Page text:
Saturday, December 7, 2013
Jerash: one of the world's finest Roman sites
We weren't looking forward to the drive on the highway, since it was never a smooth ride. The roads are tarmacked but they must melt in the heat leaving them in poor condition. Near the cities there are always masses of plastic, especially bottles, littering the roads and land. This time as we drove the land was more lush with lots of olive trees and much more greenery than we had seen previously.
Back on the road we were headed to Jerash, a close second to Petra on the list of favourite destinations in Jordan. It boasts an unbroken chain of human occupation dating back more than 6,500 years.
Jerash was a favourite city of the emperor Hadrian, who spent a year here. Of course there is a huge Hadrian's Arch built at the entrance to the city. One of my favourite sites was the Cardo, a six-hundred-metre-long colonnaded street built in the first century AD that runs the length of the city. You can still see ancient cart tracks in the stone. It was once lined with the city's major buildings, shops and residences. There is even a complex drainage system that lies below the stone paving.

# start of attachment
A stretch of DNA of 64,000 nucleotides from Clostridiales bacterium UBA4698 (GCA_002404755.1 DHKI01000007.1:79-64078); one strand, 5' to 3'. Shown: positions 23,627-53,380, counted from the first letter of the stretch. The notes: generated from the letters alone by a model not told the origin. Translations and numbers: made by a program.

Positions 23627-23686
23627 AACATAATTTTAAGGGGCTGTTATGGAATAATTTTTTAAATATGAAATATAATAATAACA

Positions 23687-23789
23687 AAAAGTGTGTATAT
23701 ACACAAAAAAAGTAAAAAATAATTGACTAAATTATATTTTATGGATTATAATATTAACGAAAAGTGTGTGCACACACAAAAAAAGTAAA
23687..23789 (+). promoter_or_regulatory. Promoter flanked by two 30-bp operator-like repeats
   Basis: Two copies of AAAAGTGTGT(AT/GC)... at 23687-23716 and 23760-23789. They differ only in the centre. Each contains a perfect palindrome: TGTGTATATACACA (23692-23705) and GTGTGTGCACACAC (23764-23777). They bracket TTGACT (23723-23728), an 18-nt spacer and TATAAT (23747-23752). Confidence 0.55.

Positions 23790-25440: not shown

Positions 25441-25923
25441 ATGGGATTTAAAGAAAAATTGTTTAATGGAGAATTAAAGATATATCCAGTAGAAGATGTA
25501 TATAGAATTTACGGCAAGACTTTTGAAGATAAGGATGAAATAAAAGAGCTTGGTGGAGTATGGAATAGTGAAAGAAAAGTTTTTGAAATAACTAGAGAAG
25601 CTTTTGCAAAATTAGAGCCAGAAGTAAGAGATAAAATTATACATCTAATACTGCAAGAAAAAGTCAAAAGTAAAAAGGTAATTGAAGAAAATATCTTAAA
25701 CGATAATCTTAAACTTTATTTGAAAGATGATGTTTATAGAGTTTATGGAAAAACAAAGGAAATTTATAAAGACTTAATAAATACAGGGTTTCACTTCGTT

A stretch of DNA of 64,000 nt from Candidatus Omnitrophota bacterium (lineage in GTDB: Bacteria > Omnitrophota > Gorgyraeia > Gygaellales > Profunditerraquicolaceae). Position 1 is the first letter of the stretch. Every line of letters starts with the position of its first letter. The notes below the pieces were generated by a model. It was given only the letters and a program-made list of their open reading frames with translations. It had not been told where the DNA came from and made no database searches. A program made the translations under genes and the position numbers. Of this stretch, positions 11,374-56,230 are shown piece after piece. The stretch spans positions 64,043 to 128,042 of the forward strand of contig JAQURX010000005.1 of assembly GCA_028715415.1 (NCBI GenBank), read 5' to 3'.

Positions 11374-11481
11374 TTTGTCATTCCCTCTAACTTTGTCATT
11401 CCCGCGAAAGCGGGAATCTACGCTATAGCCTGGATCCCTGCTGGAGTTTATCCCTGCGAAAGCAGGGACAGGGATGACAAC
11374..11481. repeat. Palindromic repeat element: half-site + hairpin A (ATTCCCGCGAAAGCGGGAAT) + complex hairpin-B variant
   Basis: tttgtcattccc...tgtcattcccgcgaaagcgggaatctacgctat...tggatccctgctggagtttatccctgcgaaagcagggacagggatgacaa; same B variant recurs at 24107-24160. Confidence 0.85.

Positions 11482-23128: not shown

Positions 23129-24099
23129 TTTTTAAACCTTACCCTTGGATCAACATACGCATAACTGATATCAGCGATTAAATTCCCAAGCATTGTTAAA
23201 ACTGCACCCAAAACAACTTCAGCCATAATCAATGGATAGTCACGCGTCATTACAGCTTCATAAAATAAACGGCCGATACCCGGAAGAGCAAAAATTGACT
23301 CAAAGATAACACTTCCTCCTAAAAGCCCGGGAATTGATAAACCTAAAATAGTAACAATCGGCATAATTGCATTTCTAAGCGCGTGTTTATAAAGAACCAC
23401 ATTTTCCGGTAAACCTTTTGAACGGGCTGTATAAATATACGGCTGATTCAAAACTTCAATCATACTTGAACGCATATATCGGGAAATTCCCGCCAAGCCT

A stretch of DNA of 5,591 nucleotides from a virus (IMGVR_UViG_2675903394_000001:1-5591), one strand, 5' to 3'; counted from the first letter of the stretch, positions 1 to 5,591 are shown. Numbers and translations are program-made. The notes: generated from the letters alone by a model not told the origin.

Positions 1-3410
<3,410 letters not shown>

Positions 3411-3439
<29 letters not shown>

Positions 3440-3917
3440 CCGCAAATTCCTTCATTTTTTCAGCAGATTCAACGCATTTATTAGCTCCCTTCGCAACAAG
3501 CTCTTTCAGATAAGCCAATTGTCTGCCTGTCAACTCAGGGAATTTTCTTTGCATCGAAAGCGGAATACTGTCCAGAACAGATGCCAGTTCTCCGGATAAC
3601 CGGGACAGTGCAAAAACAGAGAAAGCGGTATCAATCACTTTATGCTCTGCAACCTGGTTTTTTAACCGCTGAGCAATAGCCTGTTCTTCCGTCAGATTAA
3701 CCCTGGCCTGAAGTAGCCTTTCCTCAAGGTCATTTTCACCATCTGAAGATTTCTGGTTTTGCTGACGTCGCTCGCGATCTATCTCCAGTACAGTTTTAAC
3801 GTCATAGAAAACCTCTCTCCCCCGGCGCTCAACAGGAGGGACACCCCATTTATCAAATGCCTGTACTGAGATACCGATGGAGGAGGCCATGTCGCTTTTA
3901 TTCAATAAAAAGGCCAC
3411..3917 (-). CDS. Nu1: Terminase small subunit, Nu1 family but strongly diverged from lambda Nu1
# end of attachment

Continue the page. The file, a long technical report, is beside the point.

I don't think the Romans could have conceived that the Hippodrome would last until present times, still hosting chariot races, or that the South Theatre, an amphitheatre that seats 3,000 is still occasionally used for musical productions.
But now it was time for lunch. We stopped at a well known restaurant in Amman. It was quite interesting to watch the other tables filled with men in their pristine white robes. I wonder how they keep them so spotless? There were a few people smoking hubbly bubbly pipes or hookahs.
We returned to the hotel passing the ancient Roman theatre that seats over 6,000 people. Then we drove through densely populated areas past all the shops and through the barrio to look over on the king's castle as well as a lovely panoramic view of Amman.